News

BART fares set for 3.4% increase

Part of biennial hikes to support system safety and reliability, agency says

BART passengers can expect to pay more for a ride in 2016 as fares are set to increase around 3.4% starting Friday.

The increase is part of an inflation-based formula BART adopted in 2003 to assist with the billions of dollars the agency needs to keep the system running safely and reliably.

Under the formula, fares will be increased at the start of every even-number year through 2020.

BART's board of directors voted to dedicate all the money from the increases to its top priority projects, including new train cars, a new train control system and the Hayward Maintenance Complex.

Fares were last raised at the start of 2014 with a 5.2% increase.

BART officials said the 2016 increase is estimated to generate $15 million annually, in addition to the $20 million the 2014 increase generated annually.

The minimum BART fare, which is currently at $1.85, will rise to $1.95 come the new year on Friday morning.

Details on the planned increase are available at online along with a chart indicating the increases per ride in 2016.

— Bay City News Service

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Comments

Like this comment
Posted by Kris
a resident of San Ramon
on Dec 30, 2015 at 9:52 am

It's amazing how BART keeps on raising the fares with no regard to providing any improvement in service. The fares are getting increased more than the inflation, the parking rates are getting increased and one wonders where all the money is going. Earlier, the excuse for increase in fares was due to low ridership, but now that the ridership has increased or reached to the dot com days, they are still complaining. The train cars are antiquated, filthy and dirty, the train stations are worse than a dump yard, the speakers on the train cars are useless, the stations are not safe anymore, in most cases the elevators do not work. What's more surprising is that once in a while, one hears BART announcement that "all elevators are working" -- as if it's a great achievement. Why can't BART provide rest room facilities in more stations that's clean and neat? Shouldn't they be doing it as part of the service and the fee is charged to enter the station?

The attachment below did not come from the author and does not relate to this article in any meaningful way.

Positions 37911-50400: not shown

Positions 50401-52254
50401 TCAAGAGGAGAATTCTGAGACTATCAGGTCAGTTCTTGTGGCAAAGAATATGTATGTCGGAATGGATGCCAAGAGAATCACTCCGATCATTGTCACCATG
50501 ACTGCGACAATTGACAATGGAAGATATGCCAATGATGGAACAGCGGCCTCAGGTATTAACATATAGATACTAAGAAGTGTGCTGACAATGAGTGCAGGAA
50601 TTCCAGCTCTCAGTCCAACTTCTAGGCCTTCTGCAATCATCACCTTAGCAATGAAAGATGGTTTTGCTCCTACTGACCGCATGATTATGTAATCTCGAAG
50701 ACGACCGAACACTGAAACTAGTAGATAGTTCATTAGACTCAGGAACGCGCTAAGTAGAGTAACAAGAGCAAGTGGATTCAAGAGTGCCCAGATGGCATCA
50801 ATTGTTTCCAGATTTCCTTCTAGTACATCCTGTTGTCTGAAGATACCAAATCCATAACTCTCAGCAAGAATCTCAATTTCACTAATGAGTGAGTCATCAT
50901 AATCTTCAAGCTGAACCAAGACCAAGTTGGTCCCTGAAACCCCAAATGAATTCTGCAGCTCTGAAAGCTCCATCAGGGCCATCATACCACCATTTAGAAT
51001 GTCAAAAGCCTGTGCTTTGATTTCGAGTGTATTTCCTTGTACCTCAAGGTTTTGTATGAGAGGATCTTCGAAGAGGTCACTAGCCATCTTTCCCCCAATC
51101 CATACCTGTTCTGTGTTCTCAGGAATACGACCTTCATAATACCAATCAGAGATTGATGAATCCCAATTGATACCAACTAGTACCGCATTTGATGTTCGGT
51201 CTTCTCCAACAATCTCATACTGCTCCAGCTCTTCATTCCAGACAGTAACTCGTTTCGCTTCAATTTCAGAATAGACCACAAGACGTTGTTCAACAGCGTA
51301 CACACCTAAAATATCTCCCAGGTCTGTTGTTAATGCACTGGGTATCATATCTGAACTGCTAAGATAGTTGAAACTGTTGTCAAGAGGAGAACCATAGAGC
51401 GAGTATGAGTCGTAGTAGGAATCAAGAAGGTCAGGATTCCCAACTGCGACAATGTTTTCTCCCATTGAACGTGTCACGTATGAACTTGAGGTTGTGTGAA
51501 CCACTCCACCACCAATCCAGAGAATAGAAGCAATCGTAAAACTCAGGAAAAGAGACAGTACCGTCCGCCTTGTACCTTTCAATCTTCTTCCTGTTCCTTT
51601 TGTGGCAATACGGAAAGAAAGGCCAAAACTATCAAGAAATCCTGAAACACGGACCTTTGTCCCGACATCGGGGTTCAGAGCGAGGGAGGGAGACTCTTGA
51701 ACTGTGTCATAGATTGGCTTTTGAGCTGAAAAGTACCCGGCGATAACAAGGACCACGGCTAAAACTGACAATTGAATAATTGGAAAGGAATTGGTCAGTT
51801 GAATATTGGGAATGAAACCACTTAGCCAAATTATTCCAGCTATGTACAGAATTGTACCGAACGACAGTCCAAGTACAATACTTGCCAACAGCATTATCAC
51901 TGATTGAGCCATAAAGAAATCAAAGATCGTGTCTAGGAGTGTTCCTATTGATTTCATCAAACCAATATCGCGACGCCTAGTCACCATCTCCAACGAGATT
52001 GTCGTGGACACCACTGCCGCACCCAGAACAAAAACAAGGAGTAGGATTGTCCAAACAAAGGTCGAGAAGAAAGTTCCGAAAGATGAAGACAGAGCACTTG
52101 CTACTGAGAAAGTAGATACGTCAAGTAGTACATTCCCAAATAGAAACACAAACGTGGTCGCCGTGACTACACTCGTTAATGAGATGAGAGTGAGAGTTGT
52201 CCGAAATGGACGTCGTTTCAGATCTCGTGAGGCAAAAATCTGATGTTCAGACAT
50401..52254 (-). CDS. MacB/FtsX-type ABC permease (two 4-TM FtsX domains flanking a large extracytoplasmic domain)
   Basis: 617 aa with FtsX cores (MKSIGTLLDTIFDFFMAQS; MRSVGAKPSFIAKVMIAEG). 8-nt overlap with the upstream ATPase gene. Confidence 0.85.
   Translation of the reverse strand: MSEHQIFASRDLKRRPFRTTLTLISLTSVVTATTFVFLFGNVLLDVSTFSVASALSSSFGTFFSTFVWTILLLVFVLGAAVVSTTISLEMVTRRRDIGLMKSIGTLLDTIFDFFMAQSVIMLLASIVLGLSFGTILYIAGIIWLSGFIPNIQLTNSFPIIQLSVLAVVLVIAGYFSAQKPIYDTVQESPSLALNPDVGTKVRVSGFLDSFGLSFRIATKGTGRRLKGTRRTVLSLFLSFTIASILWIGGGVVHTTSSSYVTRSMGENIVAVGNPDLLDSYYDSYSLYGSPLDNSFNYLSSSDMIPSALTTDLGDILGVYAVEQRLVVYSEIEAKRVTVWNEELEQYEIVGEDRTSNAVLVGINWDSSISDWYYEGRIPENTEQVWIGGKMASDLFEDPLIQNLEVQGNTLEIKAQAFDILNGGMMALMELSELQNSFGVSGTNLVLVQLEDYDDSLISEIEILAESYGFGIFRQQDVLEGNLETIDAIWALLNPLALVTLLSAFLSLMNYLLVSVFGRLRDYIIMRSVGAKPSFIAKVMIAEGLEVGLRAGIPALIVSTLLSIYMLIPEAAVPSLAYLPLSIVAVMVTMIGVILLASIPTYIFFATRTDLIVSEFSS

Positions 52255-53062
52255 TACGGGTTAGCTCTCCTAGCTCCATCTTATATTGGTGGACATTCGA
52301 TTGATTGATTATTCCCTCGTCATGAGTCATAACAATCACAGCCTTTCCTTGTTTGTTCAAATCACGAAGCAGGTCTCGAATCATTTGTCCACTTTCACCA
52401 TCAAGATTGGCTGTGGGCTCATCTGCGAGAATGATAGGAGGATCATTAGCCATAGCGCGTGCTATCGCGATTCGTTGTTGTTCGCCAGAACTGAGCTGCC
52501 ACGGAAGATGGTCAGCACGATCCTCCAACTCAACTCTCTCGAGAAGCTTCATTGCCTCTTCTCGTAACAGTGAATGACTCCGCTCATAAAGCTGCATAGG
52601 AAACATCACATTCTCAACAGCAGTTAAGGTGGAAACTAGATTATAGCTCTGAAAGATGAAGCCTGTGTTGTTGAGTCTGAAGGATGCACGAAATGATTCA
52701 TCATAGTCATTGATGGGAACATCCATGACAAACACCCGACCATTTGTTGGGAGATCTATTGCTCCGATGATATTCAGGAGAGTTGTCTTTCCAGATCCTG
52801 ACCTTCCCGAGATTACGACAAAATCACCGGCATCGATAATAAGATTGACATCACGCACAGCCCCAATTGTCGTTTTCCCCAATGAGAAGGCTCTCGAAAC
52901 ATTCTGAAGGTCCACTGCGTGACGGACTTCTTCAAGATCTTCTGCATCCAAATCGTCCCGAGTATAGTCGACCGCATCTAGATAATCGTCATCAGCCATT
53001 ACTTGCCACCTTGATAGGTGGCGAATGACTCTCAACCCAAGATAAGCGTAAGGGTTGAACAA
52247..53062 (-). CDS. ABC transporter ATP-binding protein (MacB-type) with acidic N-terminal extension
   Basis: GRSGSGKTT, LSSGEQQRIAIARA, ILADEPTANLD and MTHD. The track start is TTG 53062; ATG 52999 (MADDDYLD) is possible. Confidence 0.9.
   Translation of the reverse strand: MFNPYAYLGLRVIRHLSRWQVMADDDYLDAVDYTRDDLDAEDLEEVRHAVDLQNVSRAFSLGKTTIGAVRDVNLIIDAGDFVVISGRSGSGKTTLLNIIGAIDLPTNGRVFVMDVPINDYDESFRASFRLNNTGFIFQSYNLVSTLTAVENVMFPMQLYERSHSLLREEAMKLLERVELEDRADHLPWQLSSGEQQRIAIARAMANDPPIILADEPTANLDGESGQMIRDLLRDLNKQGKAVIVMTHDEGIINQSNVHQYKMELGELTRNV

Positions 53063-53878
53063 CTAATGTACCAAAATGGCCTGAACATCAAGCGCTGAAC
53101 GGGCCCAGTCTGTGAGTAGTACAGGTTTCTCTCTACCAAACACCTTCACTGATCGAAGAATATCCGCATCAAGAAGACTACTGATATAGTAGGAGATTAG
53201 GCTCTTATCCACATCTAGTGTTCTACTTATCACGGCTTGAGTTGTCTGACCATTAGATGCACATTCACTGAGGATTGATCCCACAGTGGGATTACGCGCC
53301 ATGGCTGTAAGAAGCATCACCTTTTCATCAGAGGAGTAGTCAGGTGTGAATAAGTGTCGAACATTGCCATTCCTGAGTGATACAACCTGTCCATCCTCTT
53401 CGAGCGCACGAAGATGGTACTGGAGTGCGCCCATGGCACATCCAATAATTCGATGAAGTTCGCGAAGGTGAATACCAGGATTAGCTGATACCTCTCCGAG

May be, they should look at NY subways or Japan or other places -- where the trains are spic and span, runs on time.


Like this comment
Posted by PSMacintosh
a resident of Danville
on Dec 30, 2015 at 1:44 pm

Talk about a high priority--how about MORE PARKING!!!!!!!!!!!!

There is nothing worse than trying to use BART and finding no where to park within a mile.
Idiots!
Get your priorities straight!

Hey, wouldn't we all like to have a guaranteed increase in our income for the rest of our lives--no matter what. One more "governmental" entity with holes in its pockets.


3 people like this
Posted by Richy
a resident of Diablo
on Dec 30, 2015 at 4:17 pm

Um, have you seen the salaries of Bart employees ? We need to pay inflated salaries with inflated ticket prices and parking fees. That's it in a nutshell.


3 people like this
Posted by Long term resident
a resident of Danville
on Dec 31, 2015 at 9:46 am

As we learned during the last strike, BART employees are amongst the highest paid transit workers in the United States (and probably world fo that matter). Their contract is held up by other transit unions as the "gold standard" for which other unions aspire to. Wages are excessive and benefits are too. Not only were they already in that position of envy by other unions, they managed to extort more wage increases during the last contract negotiation. We are all paying the price. Money that should be going towards new trains and infrastructure improvements is paid in excessive salaries and benefits instead.

I ftravel all over the world and I can tell you that BART is far from world class. I'm glad we have it, and I wish there were systems in Places like Los Angeles and Houston. However, places like Singapore, London, Bangkok, Shanghai, Tokyo, etc. all have systems that are more affordable and far superior to BART.

One of the inherent problems with government or public utility unions is that the people representing management are negotiating with our money (the public) and have little incentive to manage costs or make a profit. The union officials know that and are pretty much able to get whatever they want. In the case of BART, they just keep raising fares to pay for the increased salary and benefits.


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